And then in 1998, the Russian stock market fell apart. Russian bureaucrats played hardball with the International Monetary Fund instead of begging for help, so a deal arrived too late to stop millions in losses. When the agreement with the IMF finally happened, Russian oligarchs used that money to convert their rubles to dollars and then get out of Dodge. The Russian government defaulted on its debt, the ruble went into a freefall. When the smoke cleared, Browder’s Hermitage Capital had lost $900 million, or 90% of its value.

An American Can’t Keep His Mouth Shut

Browder tells us that he was determined to stay in Russia to earn back his clients’ money. In theory, that task shouldn’t have been hard: most of the firm’s holdings were in oil and gas. Those Russian companies sold oil and gas in dollars but paid their expenses in rubles, which had bottomed out. The currency factor accounted for a widening profit margin for those companies, which should have been good for investors like Hermitage Capital. However, the Russian oligarchs who owned the majority of shares in those energy companies still needed access to dollars to operate, and Wall Street didn’t want to hear about it. To keep up their standard of living, they started embezzling and stealing everything that wasn’t nailed down. Browder, among the last Americans in Moscow, opened his mouth and called them on it.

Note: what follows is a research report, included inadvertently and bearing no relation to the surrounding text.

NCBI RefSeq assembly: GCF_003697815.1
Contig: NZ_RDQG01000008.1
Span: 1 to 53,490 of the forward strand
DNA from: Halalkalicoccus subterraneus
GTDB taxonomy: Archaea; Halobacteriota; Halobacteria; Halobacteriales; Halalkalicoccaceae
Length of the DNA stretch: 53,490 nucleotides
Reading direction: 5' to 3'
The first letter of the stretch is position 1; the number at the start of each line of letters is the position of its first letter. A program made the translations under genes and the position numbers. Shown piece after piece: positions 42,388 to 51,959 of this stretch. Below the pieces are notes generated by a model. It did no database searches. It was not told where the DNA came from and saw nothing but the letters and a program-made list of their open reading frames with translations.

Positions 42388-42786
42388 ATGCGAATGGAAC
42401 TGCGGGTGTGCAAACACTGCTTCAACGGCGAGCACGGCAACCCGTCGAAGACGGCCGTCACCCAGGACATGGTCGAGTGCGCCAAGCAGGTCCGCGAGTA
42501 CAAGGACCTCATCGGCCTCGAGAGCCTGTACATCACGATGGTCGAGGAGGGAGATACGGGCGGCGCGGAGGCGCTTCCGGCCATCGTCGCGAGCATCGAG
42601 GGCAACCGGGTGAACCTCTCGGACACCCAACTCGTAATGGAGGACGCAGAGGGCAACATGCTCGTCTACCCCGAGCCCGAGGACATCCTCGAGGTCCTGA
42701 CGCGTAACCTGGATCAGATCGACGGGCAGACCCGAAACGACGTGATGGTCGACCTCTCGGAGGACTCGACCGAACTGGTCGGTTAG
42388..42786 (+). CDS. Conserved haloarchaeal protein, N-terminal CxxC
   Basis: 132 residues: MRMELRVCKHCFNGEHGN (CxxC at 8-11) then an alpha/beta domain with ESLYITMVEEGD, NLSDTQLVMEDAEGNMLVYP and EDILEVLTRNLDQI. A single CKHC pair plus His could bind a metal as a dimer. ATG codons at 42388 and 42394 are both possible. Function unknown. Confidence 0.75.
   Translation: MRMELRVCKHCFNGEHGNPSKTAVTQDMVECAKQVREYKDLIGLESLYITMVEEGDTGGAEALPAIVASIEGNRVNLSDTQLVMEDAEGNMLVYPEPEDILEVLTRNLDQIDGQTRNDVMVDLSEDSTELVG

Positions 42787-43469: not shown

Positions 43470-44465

The Murder

Browder had a lot of dedicated help in going after the oligarchs who had ruined his business. Not all of them worked directly for him: he had retained renowned Russian tax lawyer Sergei Magnitsky when Russia began leveling tax charges against him. Magnitsky lived with his young family in Moscow. Along with Browder’s own Russian offices, Magnitsky’s firm was raided by the Russian government for all manner of documentation related to Heritage Capital. Months later, the Russian government arrested Magnitsky. Browder maintains that his friend and attorney died in Russian detention, without formal charges, from torture by his guards.